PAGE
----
The US have not ruled out the controversial action of arming anti-Gaddafi rebels currently battling to overthrow their 41-year-ruling dictator.

In an interview US President Barack Obama said he did not rule out arming the rebels but then said he was also “not ruling it in.”

Many analysts believe such a move goes beyond the stated aim of the UN resolution which is to “protect civilians”.

But speaking at the Foreign Office in Britain, Hillary Clinton, the US secretary of state, suggested that the UN resolution which mandated Allied airstrikes and the imposition of a no-fly zone also allowed the Allies to arm the rebels. “It is our interpretation that [UN Security Council resolution] 1973 amended or overrode the absolute prohibition on arms to anyone in Libya, so that there could be a legitimate transfer of arms if a country should choose to do that,” she said.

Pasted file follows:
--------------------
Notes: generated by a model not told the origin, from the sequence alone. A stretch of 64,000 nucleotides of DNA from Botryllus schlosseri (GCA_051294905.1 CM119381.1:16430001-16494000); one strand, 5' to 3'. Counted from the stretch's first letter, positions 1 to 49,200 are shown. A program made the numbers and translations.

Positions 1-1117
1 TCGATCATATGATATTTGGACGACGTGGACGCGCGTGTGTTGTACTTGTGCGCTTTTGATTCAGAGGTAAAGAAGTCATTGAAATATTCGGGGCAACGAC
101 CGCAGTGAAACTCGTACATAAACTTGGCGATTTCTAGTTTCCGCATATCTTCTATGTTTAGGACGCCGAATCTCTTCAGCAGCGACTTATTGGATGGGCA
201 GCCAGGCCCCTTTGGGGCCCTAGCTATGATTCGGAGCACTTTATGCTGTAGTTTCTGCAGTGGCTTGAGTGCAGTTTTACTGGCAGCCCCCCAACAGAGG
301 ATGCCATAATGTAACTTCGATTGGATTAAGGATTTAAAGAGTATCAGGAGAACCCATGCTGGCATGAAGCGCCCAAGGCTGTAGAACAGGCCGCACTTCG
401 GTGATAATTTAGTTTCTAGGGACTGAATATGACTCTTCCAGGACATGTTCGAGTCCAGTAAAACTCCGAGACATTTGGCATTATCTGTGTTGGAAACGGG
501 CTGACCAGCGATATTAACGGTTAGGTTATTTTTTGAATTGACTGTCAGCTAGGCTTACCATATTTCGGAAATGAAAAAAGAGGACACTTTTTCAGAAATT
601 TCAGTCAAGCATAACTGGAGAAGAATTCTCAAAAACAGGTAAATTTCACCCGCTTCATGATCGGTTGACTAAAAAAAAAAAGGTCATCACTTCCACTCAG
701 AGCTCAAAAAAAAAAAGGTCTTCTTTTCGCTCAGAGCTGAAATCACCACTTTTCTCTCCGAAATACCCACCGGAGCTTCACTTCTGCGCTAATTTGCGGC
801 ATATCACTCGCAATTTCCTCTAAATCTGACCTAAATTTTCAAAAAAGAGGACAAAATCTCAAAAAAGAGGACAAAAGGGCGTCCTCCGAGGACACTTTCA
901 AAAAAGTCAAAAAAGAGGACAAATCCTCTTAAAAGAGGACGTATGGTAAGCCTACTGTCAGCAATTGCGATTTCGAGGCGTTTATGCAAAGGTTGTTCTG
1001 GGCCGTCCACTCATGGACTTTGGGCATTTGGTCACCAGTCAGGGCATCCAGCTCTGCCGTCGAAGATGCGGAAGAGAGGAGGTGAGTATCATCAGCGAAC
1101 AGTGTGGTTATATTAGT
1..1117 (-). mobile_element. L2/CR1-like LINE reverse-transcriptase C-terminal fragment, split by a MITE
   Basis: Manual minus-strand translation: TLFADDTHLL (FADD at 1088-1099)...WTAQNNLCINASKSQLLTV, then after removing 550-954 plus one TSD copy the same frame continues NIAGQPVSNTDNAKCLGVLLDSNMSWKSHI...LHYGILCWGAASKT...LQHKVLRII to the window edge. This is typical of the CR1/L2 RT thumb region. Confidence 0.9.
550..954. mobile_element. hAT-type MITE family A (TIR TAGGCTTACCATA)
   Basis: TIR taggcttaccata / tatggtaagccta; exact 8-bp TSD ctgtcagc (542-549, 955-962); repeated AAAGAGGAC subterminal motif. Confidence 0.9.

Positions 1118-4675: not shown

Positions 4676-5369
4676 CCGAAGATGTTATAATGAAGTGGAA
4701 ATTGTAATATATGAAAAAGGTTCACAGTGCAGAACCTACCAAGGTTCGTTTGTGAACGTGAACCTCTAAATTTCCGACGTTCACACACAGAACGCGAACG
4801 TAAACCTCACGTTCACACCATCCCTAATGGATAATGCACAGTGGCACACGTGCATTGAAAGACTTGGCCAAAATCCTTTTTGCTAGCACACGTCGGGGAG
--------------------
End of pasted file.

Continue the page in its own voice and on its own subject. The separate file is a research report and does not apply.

Obama defends military action in Libya

The UK Foreign Secretary William Hague, however was more cautious telling BBC Newsnight that Britain had no plans to provide arms to the rebels “in any form… at the moment”.

This backs up a statement  UK Defence Secretary Liam Fox made to the BBC earlier yesterday: “We’re not arming the rebels. We’re not planning to arm the rebels,” he said.

Pro-Gaddafi forces have been considerably weakened since Allied airstrikes began on March 19.

However they halted the rebels’ advance on Gaddafi’s home town of Sirte and drove them back from the newly recaptured town of Ben Jawad.

Gaddafi forces rebels to retreat

Delegates from nearly 40 countries met in London yesterday to discuss Libya’s future but failed to reach any consensus on the key issues such as the final aim of the military operation.